This is a photo of Eric Soledad, who spent five years in the Utah State Correctional System for gang activities related to the stealing of a gumball machine.
Eric lives next door to my friends Paula and Pablo Airth in Ogden, UT. I saw him shirtlessly mowing the lawn with his father in mid-October. They looked like they were having a blast.
But as soon as I realized that someone actually had "lonely" carefully tatooed across the entire beam of his shoulders, I went straight for my relatively new Canon G5. (I told my wife that this was exactly why I needed such an expensive tool/toy.)
As soon as I gathered the camera up, I stalled out, sitting on the front porch, fingering the lens cap, trying to figure out some approach that wouldn't end up with my seeming like a patronizing middle class liberal.
This is one of the great problems of photography: trying to convince someone to let you "turn them into art." If people think you're going to be ironic, then they're not going to put up with you and your expensive cameras and your "refined" visual sensibilities.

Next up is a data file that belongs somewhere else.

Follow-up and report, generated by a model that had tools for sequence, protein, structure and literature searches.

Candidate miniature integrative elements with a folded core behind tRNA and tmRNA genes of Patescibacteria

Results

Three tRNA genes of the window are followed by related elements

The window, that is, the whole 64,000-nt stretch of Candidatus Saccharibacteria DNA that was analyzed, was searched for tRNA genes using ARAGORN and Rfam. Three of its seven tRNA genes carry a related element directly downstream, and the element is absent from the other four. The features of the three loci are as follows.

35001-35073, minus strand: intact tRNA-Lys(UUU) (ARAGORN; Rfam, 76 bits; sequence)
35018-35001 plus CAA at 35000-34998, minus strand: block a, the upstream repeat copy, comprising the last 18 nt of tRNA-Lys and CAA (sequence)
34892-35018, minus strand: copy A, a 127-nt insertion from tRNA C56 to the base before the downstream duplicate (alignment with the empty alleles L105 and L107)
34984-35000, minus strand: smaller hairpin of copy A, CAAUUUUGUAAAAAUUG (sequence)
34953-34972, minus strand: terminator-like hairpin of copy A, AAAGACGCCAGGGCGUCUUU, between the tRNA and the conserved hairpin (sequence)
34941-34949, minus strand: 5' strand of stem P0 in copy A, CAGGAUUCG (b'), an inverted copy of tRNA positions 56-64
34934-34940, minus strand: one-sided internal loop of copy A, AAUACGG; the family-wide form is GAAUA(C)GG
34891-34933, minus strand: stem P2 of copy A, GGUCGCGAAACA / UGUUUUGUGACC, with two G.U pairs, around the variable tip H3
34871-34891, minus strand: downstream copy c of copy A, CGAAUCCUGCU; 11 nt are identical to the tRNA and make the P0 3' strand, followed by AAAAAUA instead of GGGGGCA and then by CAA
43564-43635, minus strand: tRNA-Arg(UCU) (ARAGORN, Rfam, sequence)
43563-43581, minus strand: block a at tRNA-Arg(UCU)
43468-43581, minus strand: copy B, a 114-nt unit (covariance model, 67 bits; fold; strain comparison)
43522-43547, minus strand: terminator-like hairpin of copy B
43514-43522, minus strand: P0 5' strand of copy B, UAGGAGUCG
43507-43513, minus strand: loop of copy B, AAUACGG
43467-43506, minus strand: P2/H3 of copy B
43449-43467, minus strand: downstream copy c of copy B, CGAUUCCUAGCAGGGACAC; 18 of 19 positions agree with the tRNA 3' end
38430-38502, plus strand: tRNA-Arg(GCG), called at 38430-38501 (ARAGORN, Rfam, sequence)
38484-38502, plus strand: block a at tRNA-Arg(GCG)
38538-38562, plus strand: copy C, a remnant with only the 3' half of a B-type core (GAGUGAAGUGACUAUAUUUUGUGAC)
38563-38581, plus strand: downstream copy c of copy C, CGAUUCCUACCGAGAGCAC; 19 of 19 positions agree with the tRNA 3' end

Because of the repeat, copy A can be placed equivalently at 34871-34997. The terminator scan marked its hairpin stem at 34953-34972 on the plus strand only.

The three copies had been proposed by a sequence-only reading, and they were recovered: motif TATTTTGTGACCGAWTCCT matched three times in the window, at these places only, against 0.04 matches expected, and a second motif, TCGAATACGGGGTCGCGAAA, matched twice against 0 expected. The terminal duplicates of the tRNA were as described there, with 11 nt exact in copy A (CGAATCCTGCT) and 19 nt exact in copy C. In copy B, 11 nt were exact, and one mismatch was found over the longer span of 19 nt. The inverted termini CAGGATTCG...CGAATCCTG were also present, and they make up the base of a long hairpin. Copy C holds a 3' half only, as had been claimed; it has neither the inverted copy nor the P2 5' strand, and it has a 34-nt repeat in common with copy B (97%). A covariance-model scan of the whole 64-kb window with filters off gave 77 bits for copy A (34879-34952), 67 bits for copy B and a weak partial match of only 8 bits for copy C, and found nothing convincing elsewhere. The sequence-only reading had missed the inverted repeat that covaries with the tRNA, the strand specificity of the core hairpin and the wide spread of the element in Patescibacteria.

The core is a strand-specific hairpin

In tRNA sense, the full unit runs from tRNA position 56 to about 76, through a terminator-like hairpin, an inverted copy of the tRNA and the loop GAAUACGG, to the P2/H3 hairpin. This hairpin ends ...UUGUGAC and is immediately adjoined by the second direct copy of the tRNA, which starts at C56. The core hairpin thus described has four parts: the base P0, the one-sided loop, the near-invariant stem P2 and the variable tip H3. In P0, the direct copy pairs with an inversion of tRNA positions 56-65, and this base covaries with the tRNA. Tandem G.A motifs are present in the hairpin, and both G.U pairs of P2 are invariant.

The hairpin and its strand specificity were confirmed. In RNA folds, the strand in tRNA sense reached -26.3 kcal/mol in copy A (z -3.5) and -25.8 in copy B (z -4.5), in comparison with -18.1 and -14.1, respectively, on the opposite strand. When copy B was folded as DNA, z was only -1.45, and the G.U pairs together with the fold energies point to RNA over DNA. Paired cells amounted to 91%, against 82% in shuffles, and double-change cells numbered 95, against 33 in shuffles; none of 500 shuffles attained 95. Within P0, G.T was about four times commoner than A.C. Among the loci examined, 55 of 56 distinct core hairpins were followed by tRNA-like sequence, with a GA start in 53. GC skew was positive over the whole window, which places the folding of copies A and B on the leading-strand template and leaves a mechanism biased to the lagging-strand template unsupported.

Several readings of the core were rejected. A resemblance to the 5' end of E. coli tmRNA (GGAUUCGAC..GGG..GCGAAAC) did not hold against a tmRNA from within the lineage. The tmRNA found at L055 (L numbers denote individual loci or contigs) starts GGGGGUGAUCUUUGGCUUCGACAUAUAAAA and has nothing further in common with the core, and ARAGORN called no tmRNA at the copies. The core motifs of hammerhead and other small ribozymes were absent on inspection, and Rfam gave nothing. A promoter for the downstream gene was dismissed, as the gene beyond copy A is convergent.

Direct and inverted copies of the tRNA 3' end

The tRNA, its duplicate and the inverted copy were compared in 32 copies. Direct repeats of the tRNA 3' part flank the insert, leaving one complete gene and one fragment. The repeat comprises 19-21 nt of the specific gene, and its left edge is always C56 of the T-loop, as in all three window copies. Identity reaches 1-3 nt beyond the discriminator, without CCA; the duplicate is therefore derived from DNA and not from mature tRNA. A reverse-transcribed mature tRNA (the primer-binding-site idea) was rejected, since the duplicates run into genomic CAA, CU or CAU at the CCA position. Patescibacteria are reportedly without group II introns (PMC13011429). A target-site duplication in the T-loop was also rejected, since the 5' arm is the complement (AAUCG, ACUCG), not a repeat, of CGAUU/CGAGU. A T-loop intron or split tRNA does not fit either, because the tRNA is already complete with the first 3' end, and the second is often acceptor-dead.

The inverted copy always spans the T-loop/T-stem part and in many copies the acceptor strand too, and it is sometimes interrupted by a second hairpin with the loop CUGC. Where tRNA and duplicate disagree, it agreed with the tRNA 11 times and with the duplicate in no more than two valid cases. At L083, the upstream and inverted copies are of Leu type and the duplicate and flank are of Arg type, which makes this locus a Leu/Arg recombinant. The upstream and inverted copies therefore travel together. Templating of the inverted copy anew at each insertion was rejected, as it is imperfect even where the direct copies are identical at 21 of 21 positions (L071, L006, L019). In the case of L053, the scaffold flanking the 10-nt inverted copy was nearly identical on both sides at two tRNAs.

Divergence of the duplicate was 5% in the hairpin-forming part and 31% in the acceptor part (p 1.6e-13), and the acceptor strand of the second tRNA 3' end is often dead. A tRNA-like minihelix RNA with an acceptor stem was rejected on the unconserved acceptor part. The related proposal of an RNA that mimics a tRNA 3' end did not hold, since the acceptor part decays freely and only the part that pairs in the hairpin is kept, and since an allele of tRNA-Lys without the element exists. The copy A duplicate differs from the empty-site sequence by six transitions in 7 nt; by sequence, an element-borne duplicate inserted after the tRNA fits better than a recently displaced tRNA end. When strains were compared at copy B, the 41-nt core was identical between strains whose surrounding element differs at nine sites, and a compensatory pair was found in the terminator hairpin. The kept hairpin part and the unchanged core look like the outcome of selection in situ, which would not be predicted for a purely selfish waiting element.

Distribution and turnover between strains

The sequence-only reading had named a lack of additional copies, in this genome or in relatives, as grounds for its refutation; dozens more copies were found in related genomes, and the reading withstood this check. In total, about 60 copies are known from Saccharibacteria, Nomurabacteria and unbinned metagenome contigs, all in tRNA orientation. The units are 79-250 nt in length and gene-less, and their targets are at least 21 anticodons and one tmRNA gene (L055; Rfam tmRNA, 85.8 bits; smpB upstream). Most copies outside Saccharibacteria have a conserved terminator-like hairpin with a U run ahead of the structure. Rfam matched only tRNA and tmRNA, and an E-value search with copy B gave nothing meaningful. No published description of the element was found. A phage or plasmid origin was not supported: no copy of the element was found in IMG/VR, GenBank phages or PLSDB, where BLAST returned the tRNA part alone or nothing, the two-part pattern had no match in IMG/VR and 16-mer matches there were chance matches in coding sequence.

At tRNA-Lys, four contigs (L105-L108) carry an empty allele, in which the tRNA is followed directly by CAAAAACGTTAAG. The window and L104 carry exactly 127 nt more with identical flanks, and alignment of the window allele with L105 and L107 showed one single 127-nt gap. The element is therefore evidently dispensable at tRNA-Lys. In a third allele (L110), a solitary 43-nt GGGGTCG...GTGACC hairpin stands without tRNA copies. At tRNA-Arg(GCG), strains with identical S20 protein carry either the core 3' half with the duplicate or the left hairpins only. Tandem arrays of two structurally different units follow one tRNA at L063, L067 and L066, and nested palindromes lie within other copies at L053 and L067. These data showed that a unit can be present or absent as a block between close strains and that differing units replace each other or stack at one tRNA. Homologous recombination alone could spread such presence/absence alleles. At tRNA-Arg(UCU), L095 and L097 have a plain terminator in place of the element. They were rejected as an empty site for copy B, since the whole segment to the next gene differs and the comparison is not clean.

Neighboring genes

I ended up getting Pablo to break the ice.
Eric was more than willing to discuss his ink, which was more involved than the "lonely." It told an entire narrative of his former gang affiliations and incarceration. But when we got down to it, his back was really the piece de la resistance. But he did ask what it was for. My answer was kind of lame, but maybe not.
"I just like to record all the cool things I see." Then I added, "I teach intro to photography," which seemed to help.
Ultimately we got down to brass tacks. "Why lonely?" I asked.
"My name's Soledad," he said. "That's Spanish for lonely."
Right. Dumb question, Dr. Petersen.